Usually when a drill breaks while exiting a hole it’s not stuck too badly, meaning if you can twist it slightly counterclockwise it may be easy to pull out. Without a picture or knowing if you can work in a comfortable position I would suggest trying to remove the drill bit and at least get back to square one. With patience and a MIG set up just right I would build up the end of the bit with a series of very quick tacks, or balls. If you can work vertically a gas torch would do the trick as well. Assuming the stud is frozen in place I would continue with a drill and tap routine if your hole is well centered.
     
  16. Kiwi Tussock

    Kiwi Tussock Active Member

    Joined:
    May 27, 2011
    Messages:
    26
    Location:
    New Zealand
    Hi Guys. Thanks so much for the suggestions and indeed the time you have taken to ponder on my problem. I hope Santa left you a beer or two when he left a few days back.

    Just to clarify a bit more. The stud held on a water manifold and as it passed through the manifold, the design of the manifold allowed the stud to be exposed to the cooling water. Obviously no soluble oil or anti freeze has been used for a LONG time. If ever.
    The two studs holding the manifold to the crankcase were both badly rusted. Infact one of the studs (the one I got out) was only half the diameter. I know I was lucky to get that one out.

    The depth of the hole is about 13mm (half an inch) The casting is about 19mm (3/4 "). The one I got out was in a blind hole but when I put my little pinky in to feel inside the water jacket, I think I can feel the end of the stud!?!? Either that or it's a pock in the cast iron casting of about the same size.

    The suggestion of the Eroder was a brilliant idea but this motor sure as heck ain't able to be lifted onto a drill presses table! It's a very rounded crankcase with a couple of large flywheels and all up, weighs 600kg dry.(1320 lbs)
    I understand that the Eroder also works on gravity so that would mean it would need to be on its side, which is not a major problem but because of the shape of the crankcase, i.e. being rounded, a fairly exact frame would have to be constructed.
    I haven't seen an eroder working but with other work I do, iI can se GREAT possibilities with other tasks I do and likely to increase my work hours at. (repairing & rebuilding wood & coal ranges)

    Welding? Well, a cobber is far better at it and WAY more experienced than me. After reading up on some web sites last night, I see that it is a very common method of getting sunken and seized, broken studs/bolts out. While in town today, I tried to find a welding shop open to buy some 7818 rods but here in NZ, we pretty shut up shop between Christmas & New Year and all the places I went to were shut up tight. The miserable sods were probably all out havin' a good day & having a barbie at the beach or at one of the lake!

    I actually asked all the serious tool shops/suppliers in whats left of the city (since the earthquakes & the ones who were working) if the USA made Artu bits were available here. They had never heard of them. P&N who are the main manufacturers & suppliers here in NZ & made reasonably locally, had every thing except the Carbide tipped Cobalt LH twist. So after reading all the responses to the question I put out there on this site, I went for what I think was possibly going to be the 2nd best, the "Snap-On" Kit which has the Extractors and LH twist Cobalt bits in it and if the welding build up doesn't work, I thought I'll attack it with that extractor kit.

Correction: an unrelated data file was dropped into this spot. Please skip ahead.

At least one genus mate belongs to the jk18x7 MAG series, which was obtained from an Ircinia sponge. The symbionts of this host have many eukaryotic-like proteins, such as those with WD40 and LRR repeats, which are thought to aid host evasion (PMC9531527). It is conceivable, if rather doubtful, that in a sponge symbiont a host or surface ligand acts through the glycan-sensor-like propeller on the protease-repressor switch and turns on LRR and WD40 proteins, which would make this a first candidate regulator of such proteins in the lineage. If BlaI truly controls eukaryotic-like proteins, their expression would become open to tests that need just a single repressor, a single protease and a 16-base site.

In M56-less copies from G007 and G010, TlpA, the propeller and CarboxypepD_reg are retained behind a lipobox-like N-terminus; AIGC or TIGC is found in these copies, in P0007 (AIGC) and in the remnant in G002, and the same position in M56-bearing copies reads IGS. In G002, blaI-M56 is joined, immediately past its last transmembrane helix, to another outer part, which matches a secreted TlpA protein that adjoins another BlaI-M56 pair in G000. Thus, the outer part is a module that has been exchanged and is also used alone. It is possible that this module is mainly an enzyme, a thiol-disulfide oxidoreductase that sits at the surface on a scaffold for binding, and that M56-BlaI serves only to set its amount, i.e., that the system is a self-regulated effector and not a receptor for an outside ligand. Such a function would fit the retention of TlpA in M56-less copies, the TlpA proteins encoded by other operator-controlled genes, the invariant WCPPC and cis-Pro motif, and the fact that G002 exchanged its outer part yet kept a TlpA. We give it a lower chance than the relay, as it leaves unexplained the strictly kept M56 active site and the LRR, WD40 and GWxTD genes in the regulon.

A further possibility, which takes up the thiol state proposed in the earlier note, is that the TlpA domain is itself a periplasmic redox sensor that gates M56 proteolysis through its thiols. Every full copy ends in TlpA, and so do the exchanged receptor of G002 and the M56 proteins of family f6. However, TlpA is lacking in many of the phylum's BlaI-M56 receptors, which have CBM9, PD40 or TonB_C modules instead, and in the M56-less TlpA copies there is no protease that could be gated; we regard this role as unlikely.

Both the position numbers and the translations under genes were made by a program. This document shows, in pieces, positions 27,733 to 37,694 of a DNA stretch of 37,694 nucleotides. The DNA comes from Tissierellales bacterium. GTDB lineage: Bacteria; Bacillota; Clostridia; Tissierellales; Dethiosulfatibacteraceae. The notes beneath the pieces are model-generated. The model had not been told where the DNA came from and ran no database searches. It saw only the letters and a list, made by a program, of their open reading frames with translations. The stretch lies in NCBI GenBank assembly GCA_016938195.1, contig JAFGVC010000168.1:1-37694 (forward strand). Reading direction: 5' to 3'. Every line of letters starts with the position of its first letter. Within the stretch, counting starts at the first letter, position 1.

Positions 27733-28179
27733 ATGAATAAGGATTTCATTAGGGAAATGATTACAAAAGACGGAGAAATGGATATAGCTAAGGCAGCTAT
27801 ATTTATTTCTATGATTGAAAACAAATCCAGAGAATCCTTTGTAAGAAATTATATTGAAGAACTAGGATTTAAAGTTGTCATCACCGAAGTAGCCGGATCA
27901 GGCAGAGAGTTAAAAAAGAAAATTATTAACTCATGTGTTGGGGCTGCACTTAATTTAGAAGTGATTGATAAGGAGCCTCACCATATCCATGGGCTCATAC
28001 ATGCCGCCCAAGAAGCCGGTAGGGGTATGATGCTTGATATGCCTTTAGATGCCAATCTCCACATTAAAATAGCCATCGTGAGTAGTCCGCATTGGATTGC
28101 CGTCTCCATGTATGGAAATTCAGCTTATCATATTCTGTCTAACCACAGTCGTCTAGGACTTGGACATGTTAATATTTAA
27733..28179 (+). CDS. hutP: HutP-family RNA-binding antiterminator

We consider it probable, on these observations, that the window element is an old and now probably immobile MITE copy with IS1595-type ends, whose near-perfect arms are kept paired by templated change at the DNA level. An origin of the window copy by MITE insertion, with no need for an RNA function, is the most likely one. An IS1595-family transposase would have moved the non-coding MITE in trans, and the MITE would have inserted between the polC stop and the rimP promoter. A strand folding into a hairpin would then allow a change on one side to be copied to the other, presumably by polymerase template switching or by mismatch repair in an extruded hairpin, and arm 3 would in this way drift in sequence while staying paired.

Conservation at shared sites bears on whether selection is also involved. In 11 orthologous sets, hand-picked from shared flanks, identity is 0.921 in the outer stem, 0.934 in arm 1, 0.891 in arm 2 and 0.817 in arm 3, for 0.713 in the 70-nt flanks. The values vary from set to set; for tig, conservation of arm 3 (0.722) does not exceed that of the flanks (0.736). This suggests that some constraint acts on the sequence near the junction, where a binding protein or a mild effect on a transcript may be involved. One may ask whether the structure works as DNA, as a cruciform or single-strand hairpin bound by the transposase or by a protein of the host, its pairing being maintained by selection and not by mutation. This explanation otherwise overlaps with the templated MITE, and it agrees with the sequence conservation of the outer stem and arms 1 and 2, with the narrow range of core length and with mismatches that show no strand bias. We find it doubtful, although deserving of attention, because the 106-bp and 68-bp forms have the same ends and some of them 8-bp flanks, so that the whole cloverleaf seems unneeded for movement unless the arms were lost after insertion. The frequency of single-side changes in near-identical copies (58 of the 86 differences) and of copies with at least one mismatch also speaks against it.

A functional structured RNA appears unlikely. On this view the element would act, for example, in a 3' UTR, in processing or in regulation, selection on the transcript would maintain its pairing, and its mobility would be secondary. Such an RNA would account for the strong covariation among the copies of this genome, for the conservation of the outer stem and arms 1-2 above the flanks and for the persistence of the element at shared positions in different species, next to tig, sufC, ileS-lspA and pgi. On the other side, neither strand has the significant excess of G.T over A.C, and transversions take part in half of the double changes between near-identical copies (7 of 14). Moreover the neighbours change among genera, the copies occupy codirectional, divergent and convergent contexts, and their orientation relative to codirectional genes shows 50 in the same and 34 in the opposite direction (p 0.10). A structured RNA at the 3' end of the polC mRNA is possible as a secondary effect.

There is no room for a further hole in the manifold so it's a must succeed job.


    I certainly do appreciate the wisdom and the amount of it out there in Cyber land. The headache has been and will be a rather steep learning curve for me, and a problem to the degree of which I have not come across before.

    I'll come back with tomorrows "SUCCESSES" once I have finished Yahooing. :D
    Thanks guys
     
  17. heavylift

    heavylift Senior Member

    Joined:
    Sep 5, 2009
    Messages:
    1,046
    Location:
    KS
    Left hand bits will sometimes back the broken bolt out. I would let it soak in a good penetrating oil for a day or two.

    Most people will think you are giving them a load of BS when you ask for a left hand bit, so go with a part number.
     
  18. RayF

    RayF Senior Member

    Joined:
    Jul 8, 2011
    Messages:
    637
    Occupation:
    lineborer/welder
    Location:
    Perth Western australia
    If you can establish that the stud goes right through the casting the job gets a lot easier.If it was in my shop I would consider getting a cutting torch with a very clean or new tip and simply blow right through it. A skilled man (or woman) can take the stud right out even cleaning the treads out.Even if the thread is damaged beyond repair it may well be possible to drill it oversize and tap it to say 5/8 and machine up a sleeve to go in there.You could make it a blind ended sleeve if you want. Other wise just helicoil it.:) We do similar jobs often.
     
  19. alrman

    alrman Senior Member

    Joined:
    Jun 20, 2009
    Messages:
    3,075
    Occupation:
    Diesel Fitter;Small Business Owner;Cleaner
    Location:
    QLD Australia
    I just realized this thread is in TGIF - now that's funny......:drinkup
     
  20. Kiwi Tussock

    Kiwi Tussock Active Member

    Joined:
    May 27, 2011
    Messages:
    26
    Location:
    New Zealand
    Hey, whats TGIF stand for? Does the last letter of the four continue with uck-ups?

    Thanks for the replies guys and RayF, as Im pretty much a non-welder, that would impress me if you could just blow out that sized bolt with a gas axe. I don't think I could watch. :eek: :notworthy
    You've obviously got more skill than this fella. You comin' over this way sometime soon? :) Bring one of those blind sleeve insert with ya. It sounds brilliant. :D

    It was hosing down yesterday and infact last nite it was so unseasonably cold, we had to light the fire! hmmmm odd for middle of summer. Should be up in the 30's C.
    Today I hope to get back at the ol'girl.